Clear Lines, Clean Spaces

Are you a clutter bug, a pack rat, or some other creature of horrendous hoarding habits? Are you met in each room you enter by a nerve-inducing jumble of unopened letters, leaking pens, piles of books, old magazines, empty plant pots, ground-bound picture frames, cables for goodness-knows-what and clothes you bought ages ago but still haven’t managed to hang up?

If so, you’re far from alone. The recession hasn’t stemmed our product purchasing, since the thrill of shopping is still there. If anything, the tough financial time has increased our inclination to clutter (according to charity shop organizations in the UK and US), with people now less able to let anything go. Serious amounts of stuff start to control us, ruining our lives instead of enhancing them. “The compulsive state of buying things and holding on to them … is a form of addiction,” says Annie Bennett, a psychotherapist and author in the UK. And it gets worse. According to Romaine Lowery (who founded the Clutter Clinic in England), “people get to the point where they are desperate … Clutter is bad for your health and very stressful … I’ve seen a link between clutter and depression.”

The order and organization we’re after is here, in the distinctive work of Piet Mondrian (1872 – 1944), an artist who searched a long time for his personal abstract style. Born in Holland, he trained at Amsterdam’s Academy of Fine Arts, and worked in a naturalistic Dutch style, an Impressionist and van Gogh-influenced style, and a Cubist style before hitting on his own brand of clear lines and clean spaces in 1920.

This painting is called Tableau No. IV; Lozenge Composition with Red, Gray, Blue, Yellow, and Black (c. 1924 – 1925). It shows the areas of solid color (limited to white, grey and the primaries) and the black vertical and horizontal lines that we associate with Mondrian. The linear elements of the composition, intersecting at right angles, are assiduously aligned for a balanced asymmetry. The resulting rectangles are filled in with color, a sort of exploration of mass. Note how the colors are placed at the peripheries. It was in 1918 that Mondrian started turning his square canvases 45 degrees (without rotating the lines in the composition) to rest “on point”. He said his lozenge compositions were about cutting. Indeed, the sense of cropping is emphatic: the forms feel incomplete, sliced off at the edges, with the implication being that things continue beyond the canvas.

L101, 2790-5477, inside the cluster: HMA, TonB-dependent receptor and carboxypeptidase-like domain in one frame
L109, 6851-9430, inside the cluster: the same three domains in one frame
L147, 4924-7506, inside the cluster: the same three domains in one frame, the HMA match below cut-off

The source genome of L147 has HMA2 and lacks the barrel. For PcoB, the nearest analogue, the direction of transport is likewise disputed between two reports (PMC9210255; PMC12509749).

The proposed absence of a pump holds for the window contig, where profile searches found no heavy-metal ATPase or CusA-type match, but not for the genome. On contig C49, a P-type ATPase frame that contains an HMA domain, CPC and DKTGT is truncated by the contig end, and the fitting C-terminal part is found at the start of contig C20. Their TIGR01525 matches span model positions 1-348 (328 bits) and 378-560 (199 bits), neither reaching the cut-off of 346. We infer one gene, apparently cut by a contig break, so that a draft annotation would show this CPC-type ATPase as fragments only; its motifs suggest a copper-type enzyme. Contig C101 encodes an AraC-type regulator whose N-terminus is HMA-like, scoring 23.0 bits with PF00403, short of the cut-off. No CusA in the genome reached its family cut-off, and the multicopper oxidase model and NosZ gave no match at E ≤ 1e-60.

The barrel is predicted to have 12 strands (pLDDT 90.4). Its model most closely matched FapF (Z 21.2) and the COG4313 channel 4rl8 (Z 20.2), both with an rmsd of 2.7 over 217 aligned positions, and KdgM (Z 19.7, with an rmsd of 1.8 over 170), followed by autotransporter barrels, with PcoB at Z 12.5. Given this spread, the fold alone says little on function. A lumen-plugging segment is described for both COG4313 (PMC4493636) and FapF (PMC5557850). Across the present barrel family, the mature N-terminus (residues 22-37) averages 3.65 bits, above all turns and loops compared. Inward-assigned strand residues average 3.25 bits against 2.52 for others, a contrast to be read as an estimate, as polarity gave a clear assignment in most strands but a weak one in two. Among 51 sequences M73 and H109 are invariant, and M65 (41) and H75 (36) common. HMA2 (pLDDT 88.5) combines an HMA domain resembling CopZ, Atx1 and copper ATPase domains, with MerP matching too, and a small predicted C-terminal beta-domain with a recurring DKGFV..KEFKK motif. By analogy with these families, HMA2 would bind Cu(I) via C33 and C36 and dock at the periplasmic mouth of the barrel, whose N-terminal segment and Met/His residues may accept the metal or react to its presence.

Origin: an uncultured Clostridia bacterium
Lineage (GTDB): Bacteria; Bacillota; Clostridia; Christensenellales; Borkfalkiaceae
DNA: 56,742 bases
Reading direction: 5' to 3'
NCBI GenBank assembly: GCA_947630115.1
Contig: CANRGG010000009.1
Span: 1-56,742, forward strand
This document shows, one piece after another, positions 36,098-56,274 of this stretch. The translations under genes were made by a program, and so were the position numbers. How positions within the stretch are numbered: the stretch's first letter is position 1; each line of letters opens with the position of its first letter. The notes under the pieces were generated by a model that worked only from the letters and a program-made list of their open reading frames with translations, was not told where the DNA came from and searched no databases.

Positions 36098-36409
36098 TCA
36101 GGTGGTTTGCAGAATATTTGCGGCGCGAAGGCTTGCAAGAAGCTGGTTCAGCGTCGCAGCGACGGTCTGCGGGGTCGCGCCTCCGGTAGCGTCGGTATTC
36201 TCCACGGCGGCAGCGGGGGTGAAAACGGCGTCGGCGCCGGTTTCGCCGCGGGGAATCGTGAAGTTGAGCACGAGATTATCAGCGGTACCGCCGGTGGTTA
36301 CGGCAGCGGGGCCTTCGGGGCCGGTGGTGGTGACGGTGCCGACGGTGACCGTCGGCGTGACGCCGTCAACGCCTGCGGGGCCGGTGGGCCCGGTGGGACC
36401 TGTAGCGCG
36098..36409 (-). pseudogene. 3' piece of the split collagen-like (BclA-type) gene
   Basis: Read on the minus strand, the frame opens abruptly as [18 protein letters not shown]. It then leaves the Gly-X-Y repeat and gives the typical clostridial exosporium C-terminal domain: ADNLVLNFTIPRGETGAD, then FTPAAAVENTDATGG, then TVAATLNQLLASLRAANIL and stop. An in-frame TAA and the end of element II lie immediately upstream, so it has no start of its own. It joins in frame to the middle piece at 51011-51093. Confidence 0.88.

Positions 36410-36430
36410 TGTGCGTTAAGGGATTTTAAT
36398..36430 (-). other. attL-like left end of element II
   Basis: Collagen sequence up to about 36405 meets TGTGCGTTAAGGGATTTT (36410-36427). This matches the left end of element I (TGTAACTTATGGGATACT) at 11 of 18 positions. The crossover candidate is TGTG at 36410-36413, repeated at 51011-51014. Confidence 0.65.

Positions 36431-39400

In 1917 Mondrian had been instrumental in founding De Stijl (The Style), a Dutch artistic movement that also gave its name to a journal propagating the group’s theories. The core concept of De Stijl is known as neoplasticism (new plastic art). Mondrian explained what this meant for him in an essay called Neo-Plasticism in Pictorial Art:  “… this new plastic idea will ignore the particulars of appearance, that is to say, natural form and color. On the contrary, it should find its expression in the abstraction of form and color, that is to say, in the straight line and the clearly defined primary color.”

Mondrian’s reduction to the essentials of form and color carve out a visual simplicity that’s ultimately intended to suggest spiritual harmony and order. What better prompt could there be for us to de-clutter our homes and clear up our lives? If cleansing and organizing will lead to peace, serenity and a sense of inner calm, then sign me up for an instant home overhaul. Just hang on one minute while I try to locate my dustpan and brush…

2 thoughts on “Clear Lines, Clean Spaces

  1. This gives me a nostalgic feeling for the early/mid 90s when this bold color blocking using primaries, black and white introduced itself into fashion. I remember dresses and blouses filling the racks….so interesting that techniques first studied in abstract painting found its way into fashion 70 years later…

    1. Absolutely, so close-stitched, the relationship between art and fashion. Check out my post on Hermes and Albers (Tuesday 23 March) for more on this…

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